I appeared at traffic court for a friend who was away on his honeymoon. Metropolitan Courthouse Division 61 before Commissioner Patrick Larkin. I’ve seen efficient judges at work, and I strive to deliver efficient justice when I serve from time-to-time as a temporary judge. But what I saw today left me aghast.
Some bench officers – judges, commissioners, temporary judges – try to deal with overcrowded courtroom calendars by lining up traffic ticket defendants to process them more quickly, arraigning (not a spelling error) them partly as a group and partly as individuals. Until today, the judges I saw still observed what I consider to be due process basics. I got just the opposite impression today in Commissioner Larkin’s courtroom. The commissioner seemed hellbent on processing meat instead of meting out due process.
First, the three lawyers who appeared for their clients (including yours truly) barely had time to breath in, much less say anything and breath out. When the commissioner called my client’s case, the prior lawyer was still asking for clarification on an issue. That didn’t appear to concern Commissioner Larkin who just steamrolled right over him to my case. I stated my appearance, waived reading of the complaint and a statement of rights and entered a not guilty plea to set the case for trial. The commissioner then immediately enunciated what I thought was an indicated sentence (what the court would accept as a sentence to resolve the case so that I could relay this information to my client and possibly settle rendering a trial unnecessary). The court spoke so quickly I had no choice but to request clarification on the indicated sentence; to this the court impatiently said words to the effect, “that’s the sentence, not the indicated sentence.” I pointed out that I entered a “not guilty” plea (which means the case must be set for trial), but the court seemed narrowly focused on the word “guilty” despite its being preceded by the word “not.” Hmmm. He finally got it and set a trial date and that was it – no time for any clarification on what he would do for a sentence, or to make any further record.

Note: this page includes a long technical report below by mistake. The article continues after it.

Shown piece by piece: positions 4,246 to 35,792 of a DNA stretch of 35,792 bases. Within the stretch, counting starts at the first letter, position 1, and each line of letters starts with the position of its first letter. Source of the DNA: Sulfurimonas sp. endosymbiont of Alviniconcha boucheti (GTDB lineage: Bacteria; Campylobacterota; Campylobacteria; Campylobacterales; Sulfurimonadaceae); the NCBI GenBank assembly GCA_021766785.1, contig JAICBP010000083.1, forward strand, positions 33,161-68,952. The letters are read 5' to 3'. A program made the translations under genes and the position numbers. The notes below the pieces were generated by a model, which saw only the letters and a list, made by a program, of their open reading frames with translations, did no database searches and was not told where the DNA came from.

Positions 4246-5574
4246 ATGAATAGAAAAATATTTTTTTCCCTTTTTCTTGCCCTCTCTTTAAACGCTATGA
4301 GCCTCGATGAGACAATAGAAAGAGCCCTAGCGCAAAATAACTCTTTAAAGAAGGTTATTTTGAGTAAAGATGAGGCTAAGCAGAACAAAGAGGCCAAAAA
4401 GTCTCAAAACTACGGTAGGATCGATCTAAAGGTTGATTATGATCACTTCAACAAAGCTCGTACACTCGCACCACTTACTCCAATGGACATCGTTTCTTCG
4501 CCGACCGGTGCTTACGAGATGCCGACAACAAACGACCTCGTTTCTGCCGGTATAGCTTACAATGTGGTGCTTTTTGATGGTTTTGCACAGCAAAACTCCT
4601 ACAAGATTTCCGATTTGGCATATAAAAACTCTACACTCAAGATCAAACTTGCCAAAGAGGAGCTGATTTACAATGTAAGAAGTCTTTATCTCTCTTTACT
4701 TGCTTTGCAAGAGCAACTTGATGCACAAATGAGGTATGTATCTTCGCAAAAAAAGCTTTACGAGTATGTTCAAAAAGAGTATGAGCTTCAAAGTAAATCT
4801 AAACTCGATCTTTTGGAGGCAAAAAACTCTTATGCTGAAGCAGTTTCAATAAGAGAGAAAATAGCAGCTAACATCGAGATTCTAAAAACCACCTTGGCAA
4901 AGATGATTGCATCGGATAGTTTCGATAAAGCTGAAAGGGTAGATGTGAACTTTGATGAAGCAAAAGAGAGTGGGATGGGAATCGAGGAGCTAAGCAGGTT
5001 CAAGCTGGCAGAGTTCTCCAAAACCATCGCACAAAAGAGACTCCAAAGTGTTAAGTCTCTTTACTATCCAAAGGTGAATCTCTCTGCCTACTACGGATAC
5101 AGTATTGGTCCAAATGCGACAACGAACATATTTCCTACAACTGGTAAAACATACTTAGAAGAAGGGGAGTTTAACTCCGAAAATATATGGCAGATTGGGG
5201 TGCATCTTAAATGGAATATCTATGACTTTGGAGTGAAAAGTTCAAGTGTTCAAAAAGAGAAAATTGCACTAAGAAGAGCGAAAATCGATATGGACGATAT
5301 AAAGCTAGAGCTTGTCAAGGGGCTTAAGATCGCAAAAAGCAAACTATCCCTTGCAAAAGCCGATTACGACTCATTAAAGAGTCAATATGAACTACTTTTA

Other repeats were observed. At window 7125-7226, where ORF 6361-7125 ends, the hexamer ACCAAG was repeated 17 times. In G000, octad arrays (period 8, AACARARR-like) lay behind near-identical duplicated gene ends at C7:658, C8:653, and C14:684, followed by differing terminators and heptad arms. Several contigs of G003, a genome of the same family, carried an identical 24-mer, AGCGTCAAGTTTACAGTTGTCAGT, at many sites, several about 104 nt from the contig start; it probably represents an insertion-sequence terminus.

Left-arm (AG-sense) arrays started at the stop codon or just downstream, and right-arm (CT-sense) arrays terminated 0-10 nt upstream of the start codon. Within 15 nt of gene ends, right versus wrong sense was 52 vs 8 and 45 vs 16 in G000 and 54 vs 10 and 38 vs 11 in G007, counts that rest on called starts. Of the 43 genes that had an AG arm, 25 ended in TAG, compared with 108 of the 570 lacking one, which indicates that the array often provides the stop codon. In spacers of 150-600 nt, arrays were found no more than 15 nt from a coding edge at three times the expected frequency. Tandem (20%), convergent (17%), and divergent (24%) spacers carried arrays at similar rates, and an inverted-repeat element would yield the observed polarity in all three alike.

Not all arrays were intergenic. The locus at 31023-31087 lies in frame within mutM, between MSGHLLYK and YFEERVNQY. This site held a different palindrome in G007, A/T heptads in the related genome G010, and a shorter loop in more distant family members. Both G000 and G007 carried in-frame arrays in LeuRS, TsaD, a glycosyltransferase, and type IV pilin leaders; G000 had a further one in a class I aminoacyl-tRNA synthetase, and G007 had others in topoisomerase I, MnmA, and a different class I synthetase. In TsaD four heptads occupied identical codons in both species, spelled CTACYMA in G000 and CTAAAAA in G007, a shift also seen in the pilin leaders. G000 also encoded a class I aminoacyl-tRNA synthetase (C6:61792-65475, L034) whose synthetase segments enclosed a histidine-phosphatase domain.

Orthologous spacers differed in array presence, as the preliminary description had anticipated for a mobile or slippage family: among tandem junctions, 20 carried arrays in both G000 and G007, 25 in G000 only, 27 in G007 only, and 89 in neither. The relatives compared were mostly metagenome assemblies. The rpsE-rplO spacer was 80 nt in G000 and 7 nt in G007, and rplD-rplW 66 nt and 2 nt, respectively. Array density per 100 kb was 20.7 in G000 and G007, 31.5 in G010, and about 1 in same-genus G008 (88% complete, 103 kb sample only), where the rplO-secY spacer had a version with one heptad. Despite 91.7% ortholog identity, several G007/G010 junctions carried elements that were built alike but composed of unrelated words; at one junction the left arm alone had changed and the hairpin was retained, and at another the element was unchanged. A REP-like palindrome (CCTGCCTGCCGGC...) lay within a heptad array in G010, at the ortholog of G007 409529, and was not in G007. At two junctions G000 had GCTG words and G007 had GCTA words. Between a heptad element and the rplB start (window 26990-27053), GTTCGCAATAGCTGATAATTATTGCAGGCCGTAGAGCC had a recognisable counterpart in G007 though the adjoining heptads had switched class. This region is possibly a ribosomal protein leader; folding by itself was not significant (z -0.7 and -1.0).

I’m used to the way things are done in California, and this felt East Coast “icky” to me; stopwatch justice leaves me feeling very uncomfortable. No problem for “the commish,” apparently, as he was off to the next phase in delivering his brand of justice. Enlisting the aid of his growling bailiffs, who were no doubt used to the drill by now (and who didn’t seem to care much one way or the other), he lined up the first batch of twenty or so bewildered defendants and boom, boom, boom, like bolts to the head of cattle, he started extracting guilty pleas. Stunning. Most of the people at court were working class minorities who quickly understood from the first example or two that guilty pleas would get them out of court and back to work quickly, with “deals” they could live with, so they capitulated. Culpable’. Culpable’. Culpable’. So what if they were clueless at what was being said. Yeah, the interpreter was interpreting, but it’s the process that fell short. In 14 years, I’ve appeared at nearly every courthouse in the greater Los Angeles area and after some 2,500 court appearances can’t remember a worse example of procedural due process. Further, I can’t believe that this kind of courtroom circus would EVER be tolerated in courts serving Santa Monica or Beverly Hills, but hey – those people have money, education and they VOTE. The mostly poor, uneducated minority defendants at Metro – probably half of them are illegal aliens – what political power could they possibly exert?
Some might think Commissioner Larkin is justified because the ends justify the means – his method processes a large number of traffic defendants daily, clears the courtroom, gets people back to work and rewards them for their guilty pleas by reducing fines. Win-win, right? But is that what justice boils down to? Expediency? How many people a bench officer can process per hour? No. Due process – procedural and substantive – is inextricably linked to the delivery of justice. Yes, efficiency is important, but it’s still called the “justice system.” The commissioner’s method did not appear constitutionally sound to me; instead, I saw it as de facto disenfranchisement of the vulnerable and a picture of how fragile the delivery of justice can be – even at traffic court.
So, what did I do about it? I complained a little to courtroom staff, then I left. And, oh yeah, I wrote this blawg entry to let you know what happened.